Friday, 13 May 2016

Soho Cadet Model B

Soho Cadet Model B
The materials that cameras have been made from has evolved to suit the technology of image production as it has developed historically. The first cameras were hand built largely from wood, with relatively small volumes of production. With increasing popularity and ease of use, other materials were needed: cardboard for cameras like the cheap Kodak Brownies, metal for smaller, more precise formats which could be cast and machined and produced in greater numbers. Plastic first appeared as a material for camera production in the 1920s (although celluloid was already in use as a base for photographic emulsion itself in the earliest flexible films); notably with the Rajar No. 6, a Bakelite strut-folder made in 1929. Of the early plastics, Bakelite was well suited to camera construction, being easy to mould but hard and rigid once set, and can be drilled and cut. The Rajar No. 6 produced a number of imitators in the 1930s, and, as a material, Bakelite seems to embody Art Deco modernity. However, as other plastics were developed better suited to the task, Bakelite quickly fell out of use for camera bodies, as well as for many other purposes.

The Rajar camera was made by APM which had been formed by the merger of a number of companies largely concerned with the manufacture of film, plates and paper; APM was later split into APEM to continue this line, while cameras were made by Soho. The Soho Cadet Model B clearly owes much of its design to the Rajar No. 6, although it was ultimately derived from the Soho Cadet, a more traditional medium format folding-bed camera from 1930. The Early Photography website dates the Model B to 1931 (other sites give a date of c.1935); the camera itself does not use the name Cadet anywhere, marked simply "Model B" above the lens, but the front and back body sections (as well as some of the metal fixings) appear to be almost the same as those used in the original Cadet: a small amount of alteration may have been made to the Cadet mouldings for the Model B. Instead of the folding bed, the Model B is a strut-folding version with a lens panel not dissimilar to the Rajar No. 6. The back section of the body removes entirely for loading; inside the back is the statement: "Takes any standard film 2 1/4 x 3 1/4 inches or 6x9cms" with the same patent number as that inside the original Cadet (however, Red Bellows describes the Model B as having a different patent number inside). Incidentally, the Rajar camera uses medium format film, but with Rajar's own propriety spool, possibly making the description 'standard film' more apposite than it might at first seem. Frame advance is by red window and there is no pressure plate, which may affect film flatness. Some of the metal parts, such as the two pivoting stands for horizontal and vertical orientation are painted deep maroon to match the Bakelite body and front, the bellows also being maroon too; the remaining metal components are very brightly chromed.

Soho Cadet Model B opened for loading
The Model B has a fixed-focus lens unlike the original Cadet, which could be focussed by the position of the lens panel on the rails of the folding bed. The Cadet was also provided with a (limited) range of shutter and lens options; like the basic Cadet, the Model B has a meniscus lens in an everset shutter with 'I' for Instant and 'B' for Bulb: in bulb mode the shutter fires with the shutter lever tripped in both directions. Although not measured, I estimate that the shutter fires at about 1/40th - and it can sometimes be a little sluggish when the shutter lever is pressed in the down direction: it seems that gravity works against it when held in certain ways. From my rough measurements, the camera has a focal length of around 100mm, making the aperture about f14.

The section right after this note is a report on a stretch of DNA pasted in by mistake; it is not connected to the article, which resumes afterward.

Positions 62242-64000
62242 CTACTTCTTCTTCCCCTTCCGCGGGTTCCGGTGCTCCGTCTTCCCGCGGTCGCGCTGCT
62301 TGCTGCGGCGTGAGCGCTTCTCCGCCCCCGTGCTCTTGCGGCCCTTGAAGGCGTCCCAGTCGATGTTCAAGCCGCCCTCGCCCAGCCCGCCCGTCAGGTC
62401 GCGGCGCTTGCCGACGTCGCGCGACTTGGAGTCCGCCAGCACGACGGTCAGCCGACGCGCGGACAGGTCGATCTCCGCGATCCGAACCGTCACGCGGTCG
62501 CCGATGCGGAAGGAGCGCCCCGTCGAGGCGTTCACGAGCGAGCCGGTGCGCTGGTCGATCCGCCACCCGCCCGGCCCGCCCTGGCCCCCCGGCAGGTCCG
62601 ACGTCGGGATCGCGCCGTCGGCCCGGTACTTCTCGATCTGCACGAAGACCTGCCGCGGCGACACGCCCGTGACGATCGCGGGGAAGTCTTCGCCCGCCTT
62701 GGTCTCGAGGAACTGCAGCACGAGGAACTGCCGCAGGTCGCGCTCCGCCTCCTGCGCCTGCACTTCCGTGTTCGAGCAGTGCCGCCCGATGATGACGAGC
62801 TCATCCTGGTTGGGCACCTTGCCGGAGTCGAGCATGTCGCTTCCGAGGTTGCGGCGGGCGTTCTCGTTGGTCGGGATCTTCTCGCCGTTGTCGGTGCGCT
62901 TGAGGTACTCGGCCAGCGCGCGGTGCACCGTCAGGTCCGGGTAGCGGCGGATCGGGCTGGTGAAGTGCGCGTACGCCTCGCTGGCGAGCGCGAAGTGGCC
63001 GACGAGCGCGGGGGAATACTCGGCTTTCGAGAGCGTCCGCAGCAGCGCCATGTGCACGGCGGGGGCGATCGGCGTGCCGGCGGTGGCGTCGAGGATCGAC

Soho Cadet Model B with vertical stand
My example of the Model B came in a job lot of cameras, and may have been the least interesting of them, but I did want to try it with film. I shot a couple of rolls of Fomapan 200, possibly a stop or two too fast for conditions with bright sunlight, the latitude of the film coped with this well enough. The camera uses a brilliant finder, but one of the smallest I've used, making it difficult to compose a shot. Held vertically, the finder is located directly above the lens behind the lens board, but pivots out through 90 degrees for horizontal shots. The results show all the shortcomings one might expect from a simple meniscus lens: vignetting, astigmatism, barrel distortion, and coma - as well as what appears to be some internal reflection.

Soho Cadet Model B with Fomapan 200
Soho Cadet Model B with Fomapan 200
Interestingly, the lens' curvature of field aberration means that at the very edges of the frame near objects are more in focus: in the image above, the oblique fence recedes away from the lens into focus at the right - but at far left is also in focus. This effect can also seen in the image below in the bottom right. The Soho Cadet Model B is essentially a snapshot camera, no more sophisticated than contemporary box cameras and indeed with less user controls than many. The shortcomings of the lens are a little compensated for by the large image size: this was probably perfectly adequate for contact prints made from the negatives in the 1930s. Today, the camera is probably of more interest of collectors of Bakelite than the film photographer.

Soho Cadet Model B with Fomapan 200
Soho Cadet Model B with Fomapan 200
Sources/further reading
Soho Cadet on Early Photography
Soho Cadet on Red Bellows
Soho on Camera Wiki
Marriotworld's The Bakelite Story

No comments:

Post a Comment